. I could already see why the Tomb Raider games have taken much of their inspiration from Cambodian ruins. Surrounding the ruins there was what looked like a grave yard, probably for the rich and important people of the town. I spent about an hour exploring the various Wats, temples and shrines in the area before getting back on the road. I rode back down to the Mekong where I had another nice cool soda to break up the day. There was an island in view from where I sat, which is connected to the bank by a hand made bamboo bridge. The bridge is washed away in the monsoon season and rebuilt every year. It didn’t look all that sturdy but I was happy enough to take it on after watching bikes and even tractors go across it without difficulty. It was quite a hair rising experience driving over it as the bridge deforms and shakes a lot under the weight of the bike. Unnerving too were the vertical bamboos on the side, onto which I would be sure to impale myself if I did come off the bike. Anyway I did make it to the other side and spent another good hour riding around the dirt tracks of the island. It was quite pleasant, and had a nice temple to visit, although not too much else worth note. The people were friendly although not to the same extent as earlier in the day. After looping around the island I stopped near the bamboo bridge where there was a sandy beach and a number of beach shacks, no too unlike what you would find in Thailand. Since it was about 4 o clock the sun was a bit more bearable so I had a small beer there and did something I have gotten to do in a long time… sunbathe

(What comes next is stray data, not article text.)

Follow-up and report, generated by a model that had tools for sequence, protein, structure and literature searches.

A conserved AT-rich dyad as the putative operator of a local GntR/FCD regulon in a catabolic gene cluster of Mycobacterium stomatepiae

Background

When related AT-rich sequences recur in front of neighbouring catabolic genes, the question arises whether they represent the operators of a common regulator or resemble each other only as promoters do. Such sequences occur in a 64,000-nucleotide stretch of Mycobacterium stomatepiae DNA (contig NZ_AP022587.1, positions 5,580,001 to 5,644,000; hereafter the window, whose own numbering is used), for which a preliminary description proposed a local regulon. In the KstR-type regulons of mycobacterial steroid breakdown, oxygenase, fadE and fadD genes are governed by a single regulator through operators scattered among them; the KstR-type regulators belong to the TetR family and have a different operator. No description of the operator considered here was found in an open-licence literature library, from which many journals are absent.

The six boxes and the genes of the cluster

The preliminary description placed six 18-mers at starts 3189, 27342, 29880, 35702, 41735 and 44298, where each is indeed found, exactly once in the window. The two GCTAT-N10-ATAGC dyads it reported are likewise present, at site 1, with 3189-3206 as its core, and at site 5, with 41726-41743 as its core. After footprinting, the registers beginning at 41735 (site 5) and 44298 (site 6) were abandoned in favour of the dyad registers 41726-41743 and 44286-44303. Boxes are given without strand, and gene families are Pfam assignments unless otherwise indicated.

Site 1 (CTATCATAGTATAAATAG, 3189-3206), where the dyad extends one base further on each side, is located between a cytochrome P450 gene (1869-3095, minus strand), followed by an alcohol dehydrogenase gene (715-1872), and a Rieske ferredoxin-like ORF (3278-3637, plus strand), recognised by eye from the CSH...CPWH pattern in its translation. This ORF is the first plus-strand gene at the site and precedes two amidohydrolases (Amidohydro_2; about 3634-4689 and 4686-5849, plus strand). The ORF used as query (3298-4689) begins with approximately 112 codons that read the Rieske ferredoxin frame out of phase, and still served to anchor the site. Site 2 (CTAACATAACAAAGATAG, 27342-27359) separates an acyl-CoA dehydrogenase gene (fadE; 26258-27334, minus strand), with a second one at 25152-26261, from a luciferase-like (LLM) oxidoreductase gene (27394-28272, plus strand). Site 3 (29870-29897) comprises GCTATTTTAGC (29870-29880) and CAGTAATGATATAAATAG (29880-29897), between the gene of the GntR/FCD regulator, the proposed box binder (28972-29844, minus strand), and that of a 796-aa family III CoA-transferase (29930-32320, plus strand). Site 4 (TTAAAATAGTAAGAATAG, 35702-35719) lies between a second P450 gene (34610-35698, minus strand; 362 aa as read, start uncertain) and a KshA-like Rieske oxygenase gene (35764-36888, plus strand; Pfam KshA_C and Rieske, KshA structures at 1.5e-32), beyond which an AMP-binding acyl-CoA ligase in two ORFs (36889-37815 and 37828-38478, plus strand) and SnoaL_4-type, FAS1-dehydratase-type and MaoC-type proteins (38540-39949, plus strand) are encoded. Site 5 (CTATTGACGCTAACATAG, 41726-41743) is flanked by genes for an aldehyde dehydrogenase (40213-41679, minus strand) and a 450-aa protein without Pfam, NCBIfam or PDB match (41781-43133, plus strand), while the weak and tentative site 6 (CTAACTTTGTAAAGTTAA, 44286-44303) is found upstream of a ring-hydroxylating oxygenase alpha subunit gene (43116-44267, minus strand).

. It was a lovely relaxing way to end the day.
I feel like I’m getting lazy, as when I was returning the bike I stayed in ‘Lazy Mekong Daze’ for dinner. The food is great and it’s just next door to my guesthouse so I didn’t feel the need to go exploring other restaurants. Back at the guesthouse there were a few guests hanging around; a French group who were sticking to themselves and speaking their own language and a Finnish guy. The Finnish guy recognized me from somewhere while I did not know him from Adam. I had a beer and played some pool with him and a few locals. The Finnish guy fit quite well to the stereotype, in that he was insanely boring. I asked him about his day and I wanted to just run far away from him before he had even gotten half way through his response…. To think, pretty soon I’m going to be surrounded by people like this. Around midnight, after a few games of Cambodia style pool I hit the sack.